Seashore Metropolis Meals Excursions exhibits the culinary scene in downtown Lengthy Seashore – OC Weekly
Saganaki at George’s Greek Cafe in Moncton. Photo by Sarah Bennett
The only food tour through downtown Moncton starts big – with a fiery flash, a squirt of lemon juice and a hearty “Grandpa!”
Five days a week, Beach City Food Tours starts its lunch tour of downtown Moncton at George’s Greek Cafe, where visitors can enjoy the local institution’s famous saganaki appetizer, a so-called “flaming cheese,” a piece of alcohol doused, springy kasseri. Then put the table in a cast iron pan.
It’s a fitting introduction to the neighborhood’s current (and growing) culinary offerings, which range from native brands with strong migration roots like George’s to new wave startups that have sprung up from cottage business to retail store.
I did all of this and more on my first Beach City Food Tour, a three-hour walk to seven restaurants, cafes, juicers, and dessert bars that are just blocks apart that offer visitors more than just food and drink to replenish the calorie loss Hiking, but also insight into the art, history and diversity that make Moncton unique.
Granted, I was skeptical about going on a food tour in my hometown, mostly because I walked the restaurant glove along Pine Avenue for years when I made an office appearance there. Also, it is now my job to know which Moncton food manufacturers are worth sending tourists there.
Cassidy Liston explains the story of Acres of Books on a Beach City Food Tour. Photo by Sarah Bennett
Beach City Food Tours founder Layla Ali-Ahmad, who started the company about two years ago and has lived in town for nearly a decade, has created an impressively thorough race track that is fun, educational, and great too, even for locals is recommend.
Her two other tour guides – Cassidy Liston and Lisa Mendoza – understand the city beyond the first Google search pages, and when we ate the first flaming saganaki at George’s, it was Liston who proudly told our group the little-known story of how Der in Cyprus-born George Loizides landed in Moncton, in Zimbabwe of all places.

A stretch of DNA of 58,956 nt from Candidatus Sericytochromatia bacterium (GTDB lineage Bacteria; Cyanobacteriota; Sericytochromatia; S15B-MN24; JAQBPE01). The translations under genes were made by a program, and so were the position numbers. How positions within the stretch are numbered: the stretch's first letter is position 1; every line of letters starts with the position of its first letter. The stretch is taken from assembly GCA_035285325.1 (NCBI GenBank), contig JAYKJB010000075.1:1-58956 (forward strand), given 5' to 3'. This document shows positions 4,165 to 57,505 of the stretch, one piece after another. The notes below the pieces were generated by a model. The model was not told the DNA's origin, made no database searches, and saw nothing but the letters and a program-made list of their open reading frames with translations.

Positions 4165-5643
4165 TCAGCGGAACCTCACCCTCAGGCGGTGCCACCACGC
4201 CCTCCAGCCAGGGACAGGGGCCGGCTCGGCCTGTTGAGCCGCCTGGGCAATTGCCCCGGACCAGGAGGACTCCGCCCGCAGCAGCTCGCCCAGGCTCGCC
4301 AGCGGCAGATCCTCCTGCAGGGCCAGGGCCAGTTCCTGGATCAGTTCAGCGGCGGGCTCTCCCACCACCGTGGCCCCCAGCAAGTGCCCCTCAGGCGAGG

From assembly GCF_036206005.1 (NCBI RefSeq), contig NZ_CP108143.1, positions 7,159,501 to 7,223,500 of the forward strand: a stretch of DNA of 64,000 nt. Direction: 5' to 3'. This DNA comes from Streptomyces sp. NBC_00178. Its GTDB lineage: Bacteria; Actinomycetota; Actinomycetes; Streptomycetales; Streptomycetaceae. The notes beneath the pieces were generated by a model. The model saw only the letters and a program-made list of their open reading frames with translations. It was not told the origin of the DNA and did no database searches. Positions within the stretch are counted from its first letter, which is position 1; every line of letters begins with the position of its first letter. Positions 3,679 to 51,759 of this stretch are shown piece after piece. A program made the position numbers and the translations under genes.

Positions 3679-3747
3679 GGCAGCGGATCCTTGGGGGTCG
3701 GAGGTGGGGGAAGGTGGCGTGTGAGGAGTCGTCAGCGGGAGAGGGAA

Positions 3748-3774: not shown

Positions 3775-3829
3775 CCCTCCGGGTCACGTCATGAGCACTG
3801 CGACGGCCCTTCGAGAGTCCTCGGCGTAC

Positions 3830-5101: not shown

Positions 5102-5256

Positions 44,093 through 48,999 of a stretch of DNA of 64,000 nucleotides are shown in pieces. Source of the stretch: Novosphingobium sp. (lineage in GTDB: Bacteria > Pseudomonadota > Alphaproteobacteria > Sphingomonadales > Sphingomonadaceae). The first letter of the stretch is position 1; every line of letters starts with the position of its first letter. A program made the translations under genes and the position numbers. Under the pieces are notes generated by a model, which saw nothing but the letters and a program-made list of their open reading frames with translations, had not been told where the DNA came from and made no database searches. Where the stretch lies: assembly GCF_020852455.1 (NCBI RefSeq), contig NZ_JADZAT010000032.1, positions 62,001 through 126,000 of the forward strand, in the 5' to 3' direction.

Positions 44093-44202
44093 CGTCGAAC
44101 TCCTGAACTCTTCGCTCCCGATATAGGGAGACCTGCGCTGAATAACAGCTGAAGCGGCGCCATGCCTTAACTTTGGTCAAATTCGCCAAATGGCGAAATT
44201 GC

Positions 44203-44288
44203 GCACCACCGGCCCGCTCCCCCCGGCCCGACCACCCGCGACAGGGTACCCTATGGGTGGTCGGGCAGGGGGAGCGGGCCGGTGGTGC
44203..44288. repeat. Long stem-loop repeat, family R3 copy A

After George’s, we went to Pier 76, then Michael’s Pizzeria, and then Rainbow Juices for a colorful, cold-pressed flight. Liston stopped on the way to discuss the architecture of several buildings downtown (“Look up” is always good advice downtown!).
On the tour the day I booked was a Peruvian couple from Chino who were free from their inter-daughter by the evening and decided to make a day trip out of it (alcohol additive is also available at most stops). Together we drank Recreational basil iced coffee, licked our shot glasses clean with lime cake from the pie bar, and smashed sample plates of homemade Romeo Chocolates confectionery – while listening to the inspiring stories behind each small business and casually Chatting Liston about all the other things to love about Moncton.
Photo by Sarah Bennett
I was not fed, but neither did I go hungry. Most of all, the tour made me proud of all the culinary advances the city has made in recent years – and even more proud to know that there is a food tour out there that is worth showing off. Summer is high season for the downtown Beach City tour, but Ali-Ahmad is already planning the next one she wants to start: an East Village cocktail tour with mixologists, spirits training and of course a piece of history each.
Beach City Food Tours offers the Downtown Walking Tour Wed.-Sun. from 11 a.m. Prices start at $ 69.
Sarah Bennett is a freelance journalist who has covered food, music, craft beer, art, culture, and all sorts of bizarre things that interest her in local, regional, and national publications for nearly a decade.
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